Acting Homeland Security Secretary Elaine Duke told the White House she would resign once her successor is nominated, the Washington Post reported Thursday.
The reported resignation would come after White House chief of staff John Kelly and others in the Trump administration pressured Duke to end a protected status designation for tens of thousands of otherwise undocumented Hondurans living in the United States, challenging her own decision, according to the Post.
The Post, citing unnamed current and former administration officials, reported that Duke planned to resign rather than serve as deputy DHS secretary. A DHS spokesperson told TPM Thursday that “Acting Secretary Duke is committed to continuing her work at DHS.”
The report detailed Duke chafing against pressure from the White House to end TPS — Temporary Protected Status, a protection from deportation — for 57,000 Hondurans who came to the United States after Hurricane Mitch hit their home country in 1998.
Honduran and Nicaraguan TPS holders’ status had to be decided by Monday. Since the foreign nationals received the protection, each successive homeland security secretary has renewed their status every 18 months. Hundreds of thousands of people from various countries are protected from deportation by TPS.
Duke announced Monday that she would not renew TPS for the 2,500 Nicaraguans living in the United States who currently hold the status, allowing for a 12-month grace period, but that she would allow for a six-month delay to determine the status of Honduran TPS recipients, despite reported pressure from White House chief of staff John Kelly and national security adviser Tom Bossert. The Post reported:
As DHS officials prepared to make that announcement, Kelly made an urgent call from Japan, where he was traveling with President Trump. He was “irritated,” administration officials said, and didn’t want his handpicked nominee for DHS Secretary, Kirstjen M. Nielsen, to face potentially uncomfortable questions about TPS during her confirmation hearing.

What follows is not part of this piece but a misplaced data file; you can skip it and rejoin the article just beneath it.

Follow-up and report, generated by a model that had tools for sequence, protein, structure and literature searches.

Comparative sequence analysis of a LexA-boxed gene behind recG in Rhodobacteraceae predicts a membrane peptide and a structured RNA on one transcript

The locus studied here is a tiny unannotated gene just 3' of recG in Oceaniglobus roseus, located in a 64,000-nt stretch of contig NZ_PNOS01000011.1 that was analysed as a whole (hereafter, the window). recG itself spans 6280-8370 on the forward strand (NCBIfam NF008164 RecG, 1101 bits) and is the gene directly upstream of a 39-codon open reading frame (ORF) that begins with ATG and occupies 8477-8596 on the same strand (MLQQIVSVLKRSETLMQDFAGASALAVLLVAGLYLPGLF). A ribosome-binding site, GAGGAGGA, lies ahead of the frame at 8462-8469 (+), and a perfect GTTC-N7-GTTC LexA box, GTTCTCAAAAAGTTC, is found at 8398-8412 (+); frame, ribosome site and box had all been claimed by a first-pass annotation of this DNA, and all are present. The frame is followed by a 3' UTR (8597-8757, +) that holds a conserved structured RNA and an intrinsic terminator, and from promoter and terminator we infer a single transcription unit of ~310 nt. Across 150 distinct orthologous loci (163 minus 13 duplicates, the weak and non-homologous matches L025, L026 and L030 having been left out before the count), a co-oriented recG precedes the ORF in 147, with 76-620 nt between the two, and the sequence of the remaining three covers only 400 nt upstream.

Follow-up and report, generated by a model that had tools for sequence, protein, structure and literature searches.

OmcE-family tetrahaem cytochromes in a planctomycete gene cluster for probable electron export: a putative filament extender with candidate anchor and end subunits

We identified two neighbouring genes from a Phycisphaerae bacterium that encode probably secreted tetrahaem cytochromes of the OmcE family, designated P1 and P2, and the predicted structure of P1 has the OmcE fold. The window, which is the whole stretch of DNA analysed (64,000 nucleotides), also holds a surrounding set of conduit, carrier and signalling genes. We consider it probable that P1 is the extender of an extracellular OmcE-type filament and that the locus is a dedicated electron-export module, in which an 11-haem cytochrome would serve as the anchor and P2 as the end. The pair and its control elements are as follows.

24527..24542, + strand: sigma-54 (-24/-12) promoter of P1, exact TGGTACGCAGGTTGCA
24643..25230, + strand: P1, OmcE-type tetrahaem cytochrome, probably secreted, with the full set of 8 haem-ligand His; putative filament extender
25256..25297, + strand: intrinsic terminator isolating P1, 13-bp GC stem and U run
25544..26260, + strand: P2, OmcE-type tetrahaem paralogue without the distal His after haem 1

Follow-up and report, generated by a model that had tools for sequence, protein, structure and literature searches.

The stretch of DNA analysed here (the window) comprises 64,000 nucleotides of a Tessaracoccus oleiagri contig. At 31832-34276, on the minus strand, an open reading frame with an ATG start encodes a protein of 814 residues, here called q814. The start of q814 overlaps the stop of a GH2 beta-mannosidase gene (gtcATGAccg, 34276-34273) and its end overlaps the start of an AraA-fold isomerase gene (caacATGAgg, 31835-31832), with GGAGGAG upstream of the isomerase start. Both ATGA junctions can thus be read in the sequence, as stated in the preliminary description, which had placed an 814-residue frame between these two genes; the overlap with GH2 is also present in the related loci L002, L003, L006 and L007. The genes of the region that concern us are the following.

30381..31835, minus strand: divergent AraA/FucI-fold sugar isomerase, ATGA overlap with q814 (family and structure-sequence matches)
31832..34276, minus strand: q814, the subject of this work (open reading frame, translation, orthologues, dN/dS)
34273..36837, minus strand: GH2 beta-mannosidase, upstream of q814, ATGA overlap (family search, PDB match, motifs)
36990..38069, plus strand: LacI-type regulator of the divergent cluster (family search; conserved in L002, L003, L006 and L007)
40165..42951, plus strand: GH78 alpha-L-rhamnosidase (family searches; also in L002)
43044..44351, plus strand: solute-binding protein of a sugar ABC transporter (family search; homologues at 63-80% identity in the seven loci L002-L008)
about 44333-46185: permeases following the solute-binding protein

“He was persistent, telling her he didn’t want to kick the can down the road, and that it could hurt [Nielsen’s] nomination,” said one administration official.
Duke held her ground, the official said. “She was angry. To get a call like that from Asia, after she’d already made the decision, was a slap in the face.”
One unnamed former administration official with knowledge of the call said “they put massive pressure on her,” the Post reported.
“As with many issues, there were a variety of views inside the administration on TPS,” acting DHS press secretary Tyler Houlton told TPM. “It is perfectly normal for members of the White House team to weigh in on major decisions. The Acting Secretary took input from the White House and other sources on the path forward for TPS and made her decision based on the law.”
“As former Secretary Kelly had made a major TPS decision in May, Acting Secretary Duke called him to discuss his TPS decision making process,” he continued. “During that call, now Chief of Staff Kelly reminded her that the TPS decision was hers alone to make as the Acting Secretary. Regarding TPS, the Acting Secretary believes that the current law is clear and DHS will enforce it. Only Congress can legislate a permanent solution and provide those living in a perpetually temporary status with a certain future.”
“Acting Secretary Duke is committed to continuing her work at DHS,” Houlton’s statement concluded. “Just yesterday she hosted the Secretary’s Annual Award Ceremony to recognize many of the remarkable men and women at DHS who protect our country and whom she respects so greatly.”
The White House did not respond to TPM’s request for comment.
This post has been updated.